Ben Harrison first saw Once Upon A Dragon in Holland several years ago. In a country that puts children’s rights to the fore, and where theatre for young people is on an equal footing with more grown up fare, Pauline Mol’s script, originally produced by Moniek Merkx, comes from what’s now regarded as a golden age of children’s theatre. Mol’s trick was to throw into the melting pot a host of familiar images from well-known stories – witches, dragons, glass slippers and princesses in tower -, and stir liberally. Where in Holland the play was performed in conventional theatre spaces, Rina Vergano’s English language translation will be opened up by Cammo’s natural landscape. It was here Ben Harrison took his own two young children, Ella and Otto, to explore the space while developing the piece.

“I got them to pretend to be giants,” he says, “and they ended up wearing some of my clothes, which actually made them look smaller. But in their heads, they made them bigger. I remember asking them that if they could see a play anywhere they liked, where would it be, and the first thing they said was in the woods.”

Ella and Otto have become crucial contributors to Once Upon A Dragon in this way, and are already showing signs of following their dad and auntie into the family business. With such real-life guinea-pigs to observe, it’s the grown-ups in the Grid Iron family who are learning.

“The exciting thing for an actor about playing a child,” Nicola Harrison points out, “is how serious everything has to be. If you watch children playing, there’s a real truthfulness behind it.”

Ben illustrates this with a story of Ella coming home from school exhausted. “She said they’d spent the day building a city, and it was a genuine undertaking which they’d put a lot of time and effort into, and after a hard day’s work she just wanted to rest. Ella reminds me of Nicola when she’s playing,” he says.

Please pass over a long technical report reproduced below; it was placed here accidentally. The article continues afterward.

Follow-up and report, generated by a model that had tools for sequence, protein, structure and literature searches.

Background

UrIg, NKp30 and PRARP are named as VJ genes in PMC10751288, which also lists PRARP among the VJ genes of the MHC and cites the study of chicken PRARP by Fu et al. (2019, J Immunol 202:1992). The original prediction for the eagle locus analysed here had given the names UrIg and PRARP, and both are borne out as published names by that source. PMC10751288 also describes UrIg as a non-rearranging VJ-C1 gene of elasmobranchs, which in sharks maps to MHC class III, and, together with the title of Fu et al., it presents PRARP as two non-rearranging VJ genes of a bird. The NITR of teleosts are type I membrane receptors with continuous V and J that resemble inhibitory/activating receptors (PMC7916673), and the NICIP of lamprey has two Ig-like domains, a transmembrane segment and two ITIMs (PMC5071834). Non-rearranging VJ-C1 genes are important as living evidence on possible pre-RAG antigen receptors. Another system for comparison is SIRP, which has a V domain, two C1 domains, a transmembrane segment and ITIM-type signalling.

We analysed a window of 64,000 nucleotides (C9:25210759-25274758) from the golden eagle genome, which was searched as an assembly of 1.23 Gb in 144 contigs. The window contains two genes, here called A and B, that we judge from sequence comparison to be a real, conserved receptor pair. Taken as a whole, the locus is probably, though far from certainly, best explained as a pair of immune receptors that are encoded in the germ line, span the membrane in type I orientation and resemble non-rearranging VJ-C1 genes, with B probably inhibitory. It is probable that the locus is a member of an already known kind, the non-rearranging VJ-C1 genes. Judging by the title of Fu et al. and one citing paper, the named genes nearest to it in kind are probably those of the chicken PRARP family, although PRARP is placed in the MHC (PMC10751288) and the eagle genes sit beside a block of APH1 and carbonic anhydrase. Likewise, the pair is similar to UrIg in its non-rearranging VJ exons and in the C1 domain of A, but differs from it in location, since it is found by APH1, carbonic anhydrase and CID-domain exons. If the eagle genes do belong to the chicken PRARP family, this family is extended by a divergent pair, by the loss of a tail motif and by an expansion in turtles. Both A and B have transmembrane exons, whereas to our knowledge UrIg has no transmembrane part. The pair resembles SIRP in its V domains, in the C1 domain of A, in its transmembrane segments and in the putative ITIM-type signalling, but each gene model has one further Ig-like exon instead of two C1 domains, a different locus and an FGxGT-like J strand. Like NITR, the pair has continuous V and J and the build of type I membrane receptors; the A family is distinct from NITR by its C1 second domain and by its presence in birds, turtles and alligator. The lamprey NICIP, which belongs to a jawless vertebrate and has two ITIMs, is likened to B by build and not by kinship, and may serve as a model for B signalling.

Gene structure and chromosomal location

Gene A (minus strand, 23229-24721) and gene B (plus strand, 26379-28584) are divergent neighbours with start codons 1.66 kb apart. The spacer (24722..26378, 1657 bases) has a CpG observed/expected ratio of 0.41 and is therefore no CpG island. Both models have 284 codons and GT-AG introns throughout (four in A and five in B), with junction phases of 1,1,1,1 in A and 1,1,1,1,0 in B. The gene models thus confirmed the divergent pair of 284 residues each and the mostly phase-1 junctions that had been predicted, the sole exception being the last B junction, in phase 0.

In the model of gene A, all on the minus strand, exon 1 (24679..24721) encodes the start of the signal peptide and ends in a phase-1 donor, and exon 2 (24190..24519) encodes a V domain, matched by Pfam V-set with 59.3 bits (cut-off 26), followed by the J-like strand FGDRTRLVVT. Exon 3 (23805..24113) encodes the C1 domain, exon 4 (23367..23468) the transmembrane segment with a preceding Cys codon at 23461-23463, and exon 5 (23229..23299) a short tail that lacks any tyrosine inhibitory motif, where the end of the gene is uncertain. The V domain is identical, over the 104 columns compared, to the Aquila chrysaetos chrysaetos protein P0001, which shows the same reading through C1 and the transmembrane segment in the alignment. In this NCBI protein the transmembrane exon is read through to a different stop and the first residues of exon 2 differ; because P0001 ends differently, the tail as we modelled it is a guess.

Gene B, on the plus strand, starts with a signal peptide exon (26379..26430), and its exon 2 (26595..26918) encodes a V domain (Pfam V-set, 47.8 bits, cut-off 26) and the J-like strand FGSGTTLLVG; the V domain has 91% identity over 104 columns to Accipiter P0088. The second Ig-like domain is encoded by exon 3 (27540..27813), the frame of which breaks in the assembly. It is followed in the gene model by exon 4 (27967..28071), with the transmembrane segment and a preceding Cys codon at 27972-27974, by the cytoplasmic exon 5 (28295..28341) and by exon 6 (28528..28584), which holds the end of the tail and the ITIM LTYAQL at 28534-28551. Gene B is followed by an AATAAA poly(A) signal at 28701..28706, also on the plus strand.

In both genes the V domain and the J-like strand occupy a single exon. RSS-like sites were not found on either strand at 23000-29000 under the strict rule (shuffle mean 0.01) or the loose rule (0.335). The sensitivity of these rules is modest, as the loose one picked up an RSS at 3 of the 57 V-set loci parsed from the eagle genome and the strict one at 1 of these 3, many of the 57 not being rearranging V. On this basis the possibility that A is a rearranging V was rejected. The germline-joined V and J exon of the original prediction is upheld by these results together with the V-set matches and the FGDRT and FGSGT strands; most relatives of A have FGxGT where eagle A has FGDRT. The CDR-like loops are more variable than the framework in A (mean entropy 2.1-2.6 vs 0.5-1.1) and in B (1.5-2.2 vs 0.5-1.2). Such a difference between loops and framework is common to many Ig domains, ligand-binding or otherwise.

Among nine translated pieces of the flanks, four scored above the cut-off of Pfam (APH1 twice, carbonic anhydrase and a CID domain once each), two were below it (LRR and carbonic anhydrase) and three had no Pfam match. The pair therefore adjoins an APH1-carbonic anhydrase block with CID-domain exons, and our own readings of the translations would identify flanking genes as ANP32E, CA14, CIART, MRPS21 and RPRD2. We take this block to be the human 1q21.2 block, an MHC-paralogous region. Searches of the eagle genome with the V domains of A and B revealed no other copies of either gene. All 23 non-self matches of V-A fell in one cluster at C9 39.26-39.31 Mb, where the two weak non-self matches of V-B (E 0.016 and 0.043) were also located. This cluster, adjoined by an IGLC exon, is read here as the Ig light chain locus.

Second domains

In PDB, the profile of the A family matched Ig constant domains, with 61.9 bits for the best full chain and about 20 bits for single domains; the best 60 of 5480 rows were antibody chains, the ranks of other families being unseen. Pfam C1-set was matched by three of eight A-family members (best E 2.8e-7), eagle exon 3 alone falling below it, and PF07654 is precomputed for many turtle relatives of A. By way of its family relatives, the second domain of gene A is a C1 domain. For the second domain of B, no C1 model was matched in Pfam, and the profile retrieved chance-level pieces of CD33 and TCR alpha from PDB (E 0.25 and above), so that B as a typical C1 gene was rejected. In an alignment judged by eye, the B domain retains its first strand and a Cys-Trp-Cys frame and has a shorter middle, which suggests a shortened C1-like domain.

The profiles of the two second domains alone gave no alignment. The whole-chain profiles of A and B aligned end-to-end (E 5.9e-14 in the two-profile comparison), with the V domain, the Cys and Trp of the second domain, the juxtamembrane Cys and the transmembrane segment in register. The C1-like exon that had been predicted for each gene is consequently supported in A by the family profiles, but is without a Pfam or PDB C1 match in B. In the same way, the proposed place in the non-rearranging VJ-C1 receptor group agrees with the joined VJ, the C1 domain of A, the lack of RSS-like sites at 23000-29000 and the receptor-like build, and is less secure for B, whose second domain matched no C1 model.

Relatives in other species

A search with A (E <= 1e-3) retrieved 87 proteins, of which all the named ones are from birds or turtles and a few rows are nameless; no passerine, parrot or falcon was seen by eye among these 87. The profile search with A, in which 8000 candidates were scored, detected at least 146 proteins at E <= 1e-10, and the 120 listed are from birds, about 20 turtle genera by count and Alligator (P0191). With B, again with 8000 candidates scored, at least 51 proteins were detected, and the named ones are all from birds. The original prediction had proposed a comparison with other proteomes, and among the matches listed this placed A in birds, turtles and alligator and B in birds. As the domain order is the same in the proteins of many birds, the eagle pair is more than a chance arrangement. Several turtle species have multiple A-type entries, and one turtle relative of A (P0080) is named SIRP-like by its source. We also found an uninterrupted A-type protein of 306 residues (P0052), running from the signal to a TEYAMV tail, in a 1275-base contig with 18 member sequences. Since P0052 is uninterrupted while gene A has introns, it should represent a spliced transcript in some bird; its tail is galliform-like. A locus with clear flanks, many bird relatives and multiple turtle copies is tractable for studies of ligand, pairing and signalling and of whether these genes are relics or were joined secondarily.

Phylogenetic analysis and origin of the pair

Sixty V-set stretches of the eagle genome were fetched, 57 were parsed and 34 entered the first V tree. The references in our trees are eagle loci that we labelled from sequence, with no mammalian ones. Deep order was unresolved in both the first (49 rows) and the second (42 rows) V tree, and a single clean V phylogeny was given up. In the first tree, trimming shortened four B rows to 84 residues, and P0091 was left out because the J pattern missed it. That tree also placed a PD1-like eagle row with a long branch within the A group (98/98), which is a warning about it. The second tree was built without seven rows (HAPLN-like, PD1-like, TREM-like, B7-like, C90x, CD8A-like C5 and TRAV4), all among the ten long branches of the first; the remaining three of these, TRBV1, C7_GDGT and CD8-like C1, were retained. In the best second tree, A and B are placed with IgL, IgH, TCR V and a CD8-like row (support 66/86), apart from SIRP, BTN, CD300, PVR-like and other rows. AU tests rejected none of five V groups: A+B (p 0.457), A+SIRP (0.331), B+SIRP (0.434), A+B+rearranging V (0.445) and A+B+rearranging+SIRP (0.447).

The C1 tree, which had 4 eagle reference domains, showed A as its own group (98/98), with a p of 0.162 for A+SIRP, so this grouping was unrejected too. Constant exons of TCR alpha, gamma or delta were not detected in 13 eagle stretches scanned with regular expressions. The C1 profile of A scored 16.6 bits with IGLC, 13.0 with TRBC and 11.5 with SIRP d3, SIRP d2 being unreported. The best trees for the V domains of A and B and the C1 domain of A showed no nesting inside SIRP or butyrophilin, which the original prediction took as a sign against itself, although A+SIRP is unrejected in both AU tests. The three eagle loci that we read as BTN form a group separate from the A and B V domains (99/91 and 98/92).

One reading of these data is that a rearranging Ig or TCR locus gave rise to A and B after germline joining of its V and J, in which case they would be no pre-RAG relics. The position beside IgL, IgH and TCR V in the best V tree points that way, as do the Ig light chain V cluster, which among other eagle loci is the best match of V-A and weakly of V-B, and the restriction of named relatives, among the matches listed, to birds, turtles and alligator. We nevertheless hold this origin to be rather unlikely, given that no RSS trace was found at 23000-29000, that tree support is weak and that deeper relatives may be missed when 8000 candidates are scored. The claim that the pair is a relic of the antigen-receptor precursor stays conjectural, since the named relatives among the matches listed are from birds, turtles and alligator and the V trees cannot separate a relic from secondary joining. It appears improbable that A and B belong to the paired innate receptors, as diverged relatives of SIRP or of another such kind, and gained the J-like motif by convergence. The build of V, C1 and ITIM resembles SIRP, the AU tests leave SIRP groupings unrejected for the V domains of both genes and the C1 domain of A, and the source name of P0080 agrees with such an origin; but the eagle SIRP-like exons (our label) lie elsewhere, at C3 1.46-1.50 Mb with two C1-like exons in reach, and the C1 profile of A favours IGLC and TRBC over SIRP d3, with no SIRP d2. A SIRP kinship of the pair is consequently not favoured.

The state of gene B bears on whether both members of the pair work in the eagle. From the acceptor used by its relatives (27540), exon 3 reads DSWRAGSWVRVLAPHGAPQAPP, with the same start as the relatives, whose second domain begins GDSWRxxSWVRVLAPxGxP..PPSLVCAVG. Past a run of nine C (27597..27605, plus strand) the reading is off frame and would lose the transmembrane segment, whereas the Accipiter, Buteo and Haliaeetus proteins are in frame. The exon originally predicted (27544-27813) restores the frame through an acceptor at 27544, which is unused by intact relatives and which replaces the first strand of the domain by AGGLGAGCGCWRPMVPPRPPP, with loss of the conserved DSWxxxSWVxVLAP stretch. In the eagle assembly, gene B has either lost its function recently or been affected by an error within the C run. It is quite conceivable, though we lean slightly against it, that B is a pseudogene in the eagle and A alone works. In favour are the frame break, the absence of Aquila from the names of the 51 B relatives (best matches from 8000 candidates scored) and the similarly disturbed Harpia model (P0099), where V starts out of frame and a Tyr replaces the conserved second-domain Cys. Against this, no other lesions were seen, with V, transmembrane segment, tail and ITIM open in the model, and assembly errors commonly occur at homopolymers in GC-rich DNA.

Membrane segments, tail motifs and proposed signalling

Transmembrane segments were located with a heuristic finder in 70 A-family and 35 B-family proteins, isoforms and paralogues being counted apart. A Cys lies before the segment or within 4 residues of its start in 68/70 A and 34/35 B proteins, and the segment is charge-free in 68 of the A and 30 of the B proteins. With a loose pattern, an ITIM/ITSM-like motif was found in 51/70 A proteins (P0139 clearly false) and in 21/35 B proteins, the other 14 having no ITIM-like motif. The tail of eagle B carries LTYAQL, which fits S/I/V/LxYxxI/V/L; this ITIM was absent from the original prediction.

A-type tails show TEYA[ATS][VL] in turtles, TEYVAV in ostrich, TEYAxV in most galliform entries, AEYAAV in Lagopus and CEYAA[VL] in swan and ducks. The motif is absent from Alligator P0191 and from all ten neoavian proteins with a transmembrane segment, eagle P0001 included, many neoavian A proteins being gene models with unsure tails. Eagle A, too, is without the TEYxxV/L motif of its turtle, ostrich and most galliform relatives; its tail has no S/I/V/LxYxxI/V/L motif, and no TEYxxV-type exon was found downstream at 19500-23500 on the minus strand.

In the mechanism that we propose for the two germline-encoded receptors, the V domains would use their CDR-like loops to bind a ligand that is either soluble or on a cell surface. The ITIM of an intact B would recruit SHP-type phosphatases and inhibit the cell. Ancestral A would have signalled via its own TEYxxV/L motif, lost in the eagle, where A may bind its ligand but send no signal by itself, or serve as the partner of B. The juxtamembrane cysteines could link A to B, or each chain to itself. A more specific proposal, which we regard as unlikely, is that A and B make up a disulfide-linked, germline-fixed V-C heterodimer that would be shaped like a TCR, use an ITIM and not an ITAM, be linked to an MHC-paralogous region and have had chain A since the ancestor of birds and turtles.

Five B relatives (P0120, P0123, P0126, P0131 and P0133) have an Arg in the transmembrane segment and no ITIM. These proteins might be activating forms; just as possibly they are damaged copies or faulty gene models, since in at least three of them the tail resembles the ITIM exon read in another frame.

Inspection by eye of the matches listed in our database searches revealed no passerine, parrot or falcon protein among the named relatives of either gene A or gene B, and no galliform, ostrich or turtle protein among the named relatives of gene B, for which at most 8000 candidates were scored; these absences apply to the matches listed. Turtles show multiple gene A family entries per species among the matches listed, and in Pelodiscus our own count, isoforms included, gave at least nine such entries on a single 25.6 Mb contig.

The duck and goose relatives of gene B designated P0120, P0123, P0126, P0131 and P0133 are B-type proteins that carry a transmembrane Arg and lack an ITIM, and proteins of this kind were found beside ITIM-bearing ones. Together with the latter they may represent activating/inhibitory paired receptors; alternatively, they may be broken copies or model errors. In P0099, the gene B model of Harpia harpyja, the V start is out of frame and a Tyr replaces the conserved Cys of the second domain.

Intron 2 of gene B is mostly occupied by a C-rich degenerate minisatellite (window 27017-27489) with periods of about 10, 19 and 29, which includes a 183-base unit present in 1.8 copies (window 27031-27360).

Beyond Once Upon A Dragon, the Harrisons go their separate ways again, albeit into typically fantastical terrain. Ben will be directing Helter Skelter, a collaboration at Tramway with theatrical big band Music At The Brewhouse. Harrison will incorporate a script by Dilys Rose into a spectacle involving burlesque dancers and circus performers into an Angela Carter style dreamscape.

Nicola is currently awaiting the release of Control, Anton Corbijn’s biopic of doomed Joy Division singer Ian Curtis. Harrison plays the mental patient whose epileptic fit inspires Curtis to pen his masterpiece, She’s Lost Control. Though small, the part is crucial. Control opens the director’s fortnight at the Cannes Film Festival this week. This is one particular ball, alas, that Harrison won’t be attending.

“I’ll be busy running round the woods in Once Upon A Dragon,” she says. A happy ending of sorts, then, for a family affair of note.



Once Upon A Dragon, Cammo Estate, Edinburgh, May 22-28, 7pm, May 26-27, 2pm, Bank Of Scotland Children’s International Theatre Festival, Box Office, Traverse Theatre, Edinburgh
www.imaginate.org.uk
www.gridiron.org.uk

The Herald, May 15th 2007

ends